Voting for the underdog or jumping on the bandwagon? Evidence from India’s exit poll ban

Somdeep Chatterjee, Jai Kamal

Research output: Contribution to journalArticlepeer-review


Exit poll surveys during elections are conducted to predict the outcome of actual elections. However, such polls historically have been controversial, particularly for multi-phase elections, because they can influence the behavior of voters in the later rounds of voting. If subsequent voters are more likely to vote for the predicted frontrunner, the effect is known as the bandwagon voting phenomenon, whereas if they vote for the predicted trailing candidate, the phenomenon is known as underdog voting. To avoid such issues, in 2009 the election administration in the world’s largest democracy (India) introduced a blanket ban on publishing exit polls in the media until all rounds of an election are completed. Exploiting the potentially exogenous timing of this reform, and using administrative data to compare states that went to elections before and after the ban, we find that in response to the policy, vote shares increased for the frontrunner and declined for others. The result implies that in the counterfactual, without the ban, fewer people would have voted for the frontrunner. The evidence is suggestive of underdog voting.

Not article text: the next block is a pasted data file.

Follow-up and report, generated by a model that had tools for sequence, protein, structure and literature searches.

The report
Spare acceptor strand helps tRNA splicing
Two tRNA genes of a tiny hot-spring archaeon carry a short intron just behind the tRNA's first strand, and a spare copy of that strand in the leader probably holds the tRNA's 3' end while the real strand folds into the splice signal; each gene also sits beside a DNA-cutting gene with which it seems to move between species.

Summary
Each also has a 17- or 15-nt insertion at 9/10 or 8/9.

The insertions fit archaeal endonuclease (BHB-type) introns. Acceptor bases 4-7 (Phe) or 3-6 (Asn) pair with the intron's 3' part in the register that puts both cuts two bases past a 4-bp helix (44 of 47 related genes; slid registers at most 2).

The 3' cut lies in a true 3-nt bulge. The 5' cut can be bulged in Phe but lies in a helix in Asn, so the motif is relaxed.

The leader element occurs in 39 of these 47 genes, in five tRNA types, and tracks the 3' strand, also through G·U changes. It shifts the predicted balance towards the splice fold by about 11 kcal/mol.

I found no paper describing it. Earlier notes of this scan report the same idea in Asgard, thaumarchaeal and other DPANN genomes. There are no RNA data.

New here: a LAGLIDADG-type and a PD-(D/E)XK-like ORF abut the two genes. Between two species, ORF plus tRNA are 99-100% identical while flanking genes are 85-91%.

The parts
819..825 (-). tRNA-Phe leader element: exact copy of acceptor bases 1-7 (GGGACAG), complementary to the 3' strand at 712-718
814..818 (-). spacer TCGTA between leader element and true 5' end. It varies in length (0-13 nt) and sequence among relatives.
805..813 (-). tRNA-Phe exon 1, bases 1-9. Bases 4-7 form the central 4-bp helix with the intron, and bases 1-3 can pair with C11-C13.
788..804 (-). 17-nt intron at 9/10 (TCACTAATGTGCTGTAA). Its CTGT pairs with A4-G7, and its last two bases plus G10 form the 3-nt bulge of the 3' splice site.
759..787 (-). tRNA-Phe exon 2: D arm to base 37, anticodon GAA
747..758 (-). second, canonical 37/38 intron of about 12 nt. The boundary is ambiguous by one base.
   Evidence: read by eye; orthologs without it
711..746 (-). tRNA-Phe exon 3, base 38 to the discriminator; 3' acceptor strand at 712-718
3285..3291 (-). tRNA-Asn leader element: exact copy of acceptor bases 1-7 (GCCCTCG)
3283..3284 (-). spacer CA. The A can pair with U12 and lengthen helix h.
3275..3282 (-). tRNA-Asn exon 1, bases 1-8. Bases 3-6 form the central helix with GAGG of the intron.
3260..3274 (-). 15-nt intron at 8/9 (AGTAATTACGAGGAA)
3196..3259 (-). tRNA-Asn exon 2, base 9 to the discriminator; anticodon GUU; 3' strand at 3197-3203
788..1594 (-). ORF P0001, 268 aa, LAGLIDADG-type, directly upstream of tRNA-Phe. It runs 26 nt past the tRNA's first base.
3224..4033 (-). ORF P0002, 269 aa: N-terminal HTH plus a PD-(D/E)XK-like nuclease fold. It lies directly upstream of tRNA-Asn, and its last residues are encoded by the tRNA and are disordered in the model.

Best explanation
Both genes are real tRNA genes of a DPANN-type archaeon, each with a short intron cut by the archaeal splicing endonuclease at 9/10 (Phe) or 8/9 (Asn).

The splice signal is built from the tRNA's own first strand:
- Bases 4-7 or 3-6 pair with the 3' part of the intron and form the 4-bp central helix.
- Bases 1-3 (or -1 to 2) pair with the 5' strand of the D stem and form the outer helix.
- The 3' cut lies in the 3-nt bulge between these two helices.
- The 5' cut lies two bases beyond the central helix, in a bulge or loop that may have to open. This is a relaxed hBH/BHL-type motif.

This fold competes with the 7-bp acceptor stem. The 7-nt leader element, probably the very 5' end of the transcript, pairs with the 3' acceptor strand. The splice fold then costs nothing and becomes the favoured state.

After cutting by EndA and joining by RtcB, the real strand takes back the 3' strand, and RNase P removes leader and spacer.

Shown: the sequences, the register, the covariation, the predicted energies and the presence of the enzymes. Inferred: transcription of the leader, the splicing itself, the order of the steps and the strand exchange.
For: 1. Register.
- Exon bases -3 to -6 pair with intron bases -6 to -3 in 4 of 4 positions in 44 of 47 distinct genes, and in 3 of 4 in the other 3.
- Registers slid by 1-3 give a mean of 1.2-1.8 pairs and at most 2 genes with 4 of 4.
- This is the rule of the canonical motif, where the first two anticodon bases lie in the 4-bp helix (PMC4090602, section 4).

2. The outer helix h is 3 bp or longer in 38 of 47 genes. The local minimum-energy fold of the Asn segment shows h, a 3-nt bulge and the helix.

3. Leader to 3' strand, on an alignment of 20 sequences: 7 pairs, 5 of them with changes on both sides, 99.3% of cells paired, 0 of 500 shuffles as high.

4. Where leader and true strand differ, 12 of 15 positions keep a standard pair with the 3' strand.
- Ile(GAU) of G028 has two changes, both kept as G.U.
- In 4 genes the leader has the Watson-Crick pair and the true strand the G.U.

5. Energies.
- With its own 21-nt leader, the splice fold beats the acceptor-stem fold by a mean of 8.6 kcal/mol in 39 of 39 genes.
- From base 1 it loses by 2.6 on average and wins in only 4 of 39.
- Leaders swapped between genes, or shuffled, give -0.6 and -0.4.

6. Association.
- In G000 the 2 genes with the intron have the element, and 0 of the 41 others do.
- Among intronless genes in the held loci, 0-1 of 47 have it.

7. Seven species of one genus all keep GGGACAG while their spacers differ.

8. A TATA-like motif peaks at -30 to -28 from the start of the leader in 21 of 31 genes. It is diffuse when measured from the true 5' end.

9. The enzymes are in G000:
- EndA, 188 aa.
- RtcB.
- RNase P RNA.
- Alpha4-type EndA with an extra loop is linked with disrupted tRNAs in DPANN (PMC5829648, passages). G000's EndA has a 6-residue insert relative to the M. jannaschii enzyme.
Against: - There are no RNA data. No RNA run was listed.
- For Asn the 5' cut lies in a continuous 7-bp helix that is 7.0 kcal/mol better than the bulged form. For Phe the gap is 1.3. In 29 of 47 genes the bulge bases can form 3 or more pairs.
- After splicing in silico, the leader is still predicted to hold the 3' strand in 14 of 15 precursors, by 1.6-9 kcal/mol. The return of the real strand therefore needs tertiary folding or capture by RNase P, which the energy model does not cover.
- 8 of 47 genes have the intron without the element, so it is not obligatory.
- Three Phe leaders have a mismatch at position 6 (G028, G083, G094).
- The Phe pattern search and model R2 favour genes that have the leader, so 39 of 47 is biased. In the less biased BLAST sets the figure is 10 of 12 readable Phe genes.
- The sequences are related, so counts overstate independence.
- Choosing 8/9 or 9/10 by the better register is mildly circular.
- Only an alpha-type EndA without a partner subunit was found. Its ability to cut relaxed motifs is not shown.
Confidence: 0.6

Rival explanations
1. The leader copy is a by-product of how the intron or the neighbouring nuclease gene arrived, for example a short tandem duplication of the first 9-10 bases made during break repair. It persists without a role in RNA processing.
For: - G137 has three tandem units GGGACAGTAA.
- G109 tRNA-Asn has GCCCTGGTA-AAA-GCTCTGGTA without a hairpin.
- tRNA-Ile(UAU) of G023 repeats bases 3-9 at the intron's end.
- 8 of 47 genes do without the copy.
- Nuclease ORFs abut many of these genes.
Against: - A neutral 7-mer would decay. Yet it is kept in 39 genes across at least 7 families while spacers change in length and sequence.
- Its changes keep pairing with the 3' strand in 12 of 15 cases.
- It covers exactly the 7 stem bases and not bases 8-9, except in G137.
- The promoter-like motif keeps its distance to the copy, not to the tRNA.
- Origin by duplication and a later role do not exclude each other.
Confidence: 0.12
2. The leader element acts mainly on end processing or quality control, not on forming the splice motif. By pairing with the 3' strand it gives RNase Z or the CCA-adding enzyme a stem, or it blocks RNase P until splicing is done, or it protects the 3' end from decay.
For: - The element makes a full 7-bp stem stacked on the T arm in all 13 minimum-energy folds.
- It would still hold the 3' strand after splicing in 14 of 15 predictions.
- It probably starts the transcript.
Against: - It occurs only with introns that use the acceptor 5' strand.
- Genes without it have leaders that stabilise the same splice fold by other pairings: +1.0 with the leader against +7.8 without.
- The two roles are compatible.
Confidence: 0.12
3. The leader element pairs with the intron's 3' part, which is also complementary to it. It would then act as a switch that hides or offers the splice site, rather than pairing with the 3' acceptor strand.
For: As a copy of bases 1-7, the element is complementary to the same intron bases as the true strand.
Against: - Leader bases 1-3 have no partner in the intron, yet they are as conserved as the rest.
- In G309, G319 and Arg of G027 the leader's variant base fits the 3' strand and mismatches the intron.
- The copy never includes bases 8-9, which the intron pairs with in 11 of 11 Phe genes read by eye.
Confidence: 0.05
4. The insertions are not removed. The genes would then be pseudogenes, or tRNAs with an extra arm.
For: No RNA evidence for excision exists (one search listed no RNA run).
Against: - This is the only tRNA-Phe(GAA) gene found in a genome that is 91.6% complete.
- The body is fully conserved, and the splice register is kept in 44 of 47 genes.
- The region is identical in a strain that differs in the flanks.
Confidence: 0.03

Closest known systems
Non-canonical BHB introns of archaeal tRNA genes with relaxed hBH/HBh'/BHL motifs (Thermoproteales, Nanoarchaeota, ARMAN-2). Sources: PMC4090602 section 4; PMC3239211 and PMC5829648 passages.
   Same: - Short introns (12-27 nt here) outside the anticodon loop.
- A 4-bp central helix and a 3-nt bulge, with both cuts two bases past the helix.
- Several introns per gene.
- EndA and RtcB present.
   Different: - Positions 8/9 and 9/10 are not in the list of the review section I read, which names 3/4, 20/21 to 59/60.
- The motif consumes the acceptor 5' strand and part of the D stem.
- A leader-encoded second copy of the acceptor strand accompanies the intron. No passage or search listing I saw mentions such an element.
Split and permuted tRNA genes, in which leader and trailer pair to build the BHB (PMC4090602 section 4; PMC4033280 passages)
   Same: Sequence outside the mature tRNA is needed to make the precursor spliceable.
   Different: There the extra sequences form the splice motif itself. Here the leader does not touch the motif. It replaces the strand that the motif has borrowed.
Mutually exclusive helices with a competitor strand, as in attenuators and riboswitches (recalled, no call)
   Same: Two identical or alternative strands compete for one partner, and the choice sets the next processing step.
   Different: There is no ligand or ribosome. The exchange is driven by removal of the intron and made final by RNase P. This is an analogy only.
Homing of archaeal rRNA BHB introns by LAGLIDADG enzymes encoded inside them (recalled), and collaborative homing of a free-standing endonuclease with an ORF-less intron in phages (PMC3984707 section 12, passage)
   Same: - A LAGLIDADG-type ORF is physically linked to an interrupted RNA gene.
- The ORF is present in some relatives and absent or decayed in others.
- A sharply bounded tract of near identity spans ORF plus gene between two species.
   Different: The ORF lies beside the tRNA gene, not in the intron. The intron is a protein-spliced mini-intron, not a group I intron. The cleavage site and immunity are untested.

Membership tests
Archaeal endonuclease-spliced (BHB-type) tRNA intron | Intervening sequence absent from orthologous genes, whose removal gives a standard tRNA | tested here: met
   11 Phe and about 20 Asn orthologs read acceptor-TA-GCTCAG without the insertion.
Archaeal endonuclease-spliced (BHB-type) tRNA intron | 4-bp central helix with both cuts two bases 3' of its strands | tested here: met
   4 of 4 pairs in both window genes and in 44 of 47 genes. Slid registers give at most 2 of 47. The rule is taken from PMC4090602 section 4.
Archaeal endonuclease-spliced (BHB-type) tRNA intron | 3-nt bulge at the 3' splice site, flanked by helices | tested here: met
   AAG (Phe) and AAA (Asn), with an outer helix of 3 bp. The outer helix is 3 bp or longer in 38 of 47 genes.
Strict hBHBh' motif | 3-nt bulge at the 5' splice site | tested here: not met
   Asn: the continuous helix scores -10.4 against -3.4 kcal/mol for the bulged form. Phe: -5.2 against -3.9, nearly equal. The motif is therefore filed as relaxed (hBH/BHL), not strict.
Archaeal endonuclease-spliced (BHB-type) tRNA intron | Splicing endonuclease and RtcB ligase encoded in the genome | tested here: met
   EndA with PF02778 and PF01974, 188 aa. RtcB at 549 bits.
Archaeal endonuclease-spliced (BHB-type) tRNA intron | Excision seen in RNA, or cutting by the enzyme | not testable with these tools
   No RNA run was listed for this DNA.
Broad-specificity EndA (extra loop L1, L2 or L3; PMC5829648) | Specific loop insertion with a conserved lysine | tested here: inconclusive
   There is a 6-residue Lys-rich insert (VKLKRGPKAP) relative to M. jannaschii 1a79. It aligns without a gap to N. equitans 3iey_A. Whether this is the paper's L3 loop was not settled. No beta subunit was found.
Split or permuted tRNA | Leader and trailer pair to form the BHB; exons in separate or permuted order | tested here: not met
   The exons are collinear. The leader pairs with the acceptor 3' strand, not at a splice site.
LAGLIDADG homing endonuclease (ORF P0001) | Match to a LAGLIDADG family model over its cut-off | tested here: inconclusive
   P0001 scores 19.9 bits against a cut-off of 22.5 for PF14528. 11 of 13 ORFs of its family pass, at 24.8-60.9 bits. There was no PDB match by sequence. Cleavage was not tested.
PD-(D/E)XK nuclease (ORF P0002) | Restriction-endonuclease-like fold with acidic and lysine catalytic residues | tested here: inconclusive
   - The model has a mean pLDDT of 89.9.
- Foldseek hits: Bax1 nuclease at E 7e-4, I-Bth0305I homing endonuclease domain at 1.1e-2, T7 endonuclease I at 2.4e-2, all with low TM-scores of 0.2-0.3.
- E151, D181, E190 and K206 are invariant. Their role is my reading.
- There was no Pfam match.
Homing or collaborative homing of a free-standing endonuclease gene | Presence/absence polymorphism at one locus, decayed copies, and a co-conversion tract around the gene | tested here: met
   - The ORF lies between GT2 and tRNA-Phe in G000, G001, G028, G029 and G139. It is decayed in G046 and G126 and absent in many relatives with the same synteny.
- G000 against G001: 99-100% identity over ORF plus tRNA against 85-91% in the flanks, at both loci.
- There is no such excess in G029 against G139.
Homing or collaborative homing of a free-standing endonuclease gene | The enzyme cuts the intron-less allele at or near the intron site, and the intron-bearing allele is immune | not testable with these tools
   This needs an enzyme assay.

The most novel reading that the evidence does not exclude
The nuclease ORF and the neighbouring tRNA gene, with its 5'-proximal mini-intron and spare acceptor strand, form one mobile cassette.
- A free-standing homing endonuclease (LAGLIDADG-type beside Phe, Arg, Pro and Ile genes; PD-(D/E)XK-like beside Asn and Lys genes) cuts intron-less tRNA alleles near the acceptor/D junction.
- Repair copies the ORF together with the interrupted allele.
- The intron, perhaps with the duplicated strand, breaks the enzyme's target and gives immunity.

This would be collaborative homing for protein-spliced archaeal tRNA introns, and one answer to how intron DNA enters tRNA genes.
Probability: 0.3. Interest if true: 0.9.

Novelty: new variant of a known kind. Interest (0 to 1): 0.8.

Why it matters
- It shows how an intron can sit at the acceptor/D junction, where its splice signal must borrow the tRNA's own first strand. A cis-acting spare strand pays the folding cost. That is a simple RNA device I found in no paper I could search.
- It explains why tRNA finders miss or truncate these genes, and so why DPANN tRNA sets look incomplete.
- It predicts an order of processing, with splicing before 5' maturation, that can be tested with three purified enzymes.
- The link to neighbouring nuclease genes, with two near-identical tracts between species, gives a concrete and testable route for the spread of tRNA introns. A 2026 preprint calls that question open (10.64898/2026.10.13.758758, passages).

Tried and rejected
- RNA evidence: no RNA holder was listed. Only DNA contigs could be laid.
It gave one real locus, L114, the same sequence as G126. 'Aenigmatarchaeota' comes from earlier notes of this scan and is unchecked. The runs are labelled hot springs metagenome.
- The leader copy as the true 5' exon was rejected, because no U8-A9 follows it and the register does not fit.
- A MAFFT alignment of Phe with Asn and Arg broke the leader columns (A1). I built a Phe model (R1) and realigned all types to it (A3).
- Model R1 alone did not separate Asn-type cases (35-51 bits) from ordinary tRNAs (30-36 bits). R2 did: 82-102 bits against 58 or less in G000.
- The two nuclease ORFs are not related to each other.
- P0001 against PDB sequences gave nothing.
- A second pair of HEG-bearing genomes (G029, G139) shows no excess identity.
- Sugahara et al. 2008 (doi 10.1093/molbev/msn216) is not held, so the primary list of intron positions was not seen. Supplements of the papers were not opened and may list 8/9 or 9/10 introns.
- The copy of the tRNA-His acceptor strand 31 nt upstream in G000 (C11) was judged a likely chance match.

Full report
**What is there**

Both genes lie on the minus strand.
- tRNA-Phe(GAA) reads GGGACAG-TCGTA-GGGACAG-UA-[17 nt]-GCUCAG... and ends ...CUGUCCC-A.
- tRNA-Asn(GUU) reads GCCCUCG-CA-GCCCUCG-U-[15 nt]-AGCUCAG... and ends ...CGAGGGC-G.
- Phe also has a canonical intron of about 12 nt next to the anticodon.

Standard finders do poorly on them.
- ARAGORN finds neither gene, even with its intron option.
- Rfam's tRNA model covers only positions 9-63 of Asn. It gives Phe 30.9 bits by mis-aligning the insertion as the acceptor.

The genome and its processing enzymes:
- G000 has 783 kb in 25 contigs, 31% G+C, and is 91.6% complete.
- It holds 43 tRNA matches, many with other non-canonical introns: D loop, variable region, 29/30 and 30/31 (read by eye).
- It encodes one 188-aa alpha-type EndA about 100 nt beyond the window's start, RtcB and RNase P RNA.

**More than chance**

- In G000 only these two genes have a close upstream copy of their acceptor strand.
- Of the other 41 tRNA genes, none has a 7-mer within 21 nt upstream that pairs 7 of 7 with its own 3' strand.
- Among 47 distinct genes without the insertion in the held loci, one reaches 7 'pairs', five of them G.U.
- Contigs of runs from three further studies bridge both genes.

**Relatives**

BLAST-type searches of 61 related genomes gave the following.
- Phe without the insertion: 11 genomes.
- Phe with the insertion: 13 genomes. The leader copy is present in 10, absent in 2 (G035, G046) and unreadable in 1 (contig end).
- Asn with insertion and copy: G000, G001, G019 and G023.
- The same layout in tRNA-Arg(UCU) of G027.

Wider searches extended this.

Original languageEnglish
Pages (from-to)431-453
Number of pages23
JournalPublic Choice
Issue number3-4
Early online date19 Aug 2020
Publication statusPublished - Sept 2021


  • Exit polls
  • Turnout
  • Underdog voting
  • Vote shares

Research Beacons, Institutes and Platforms

  • Global Development Institute


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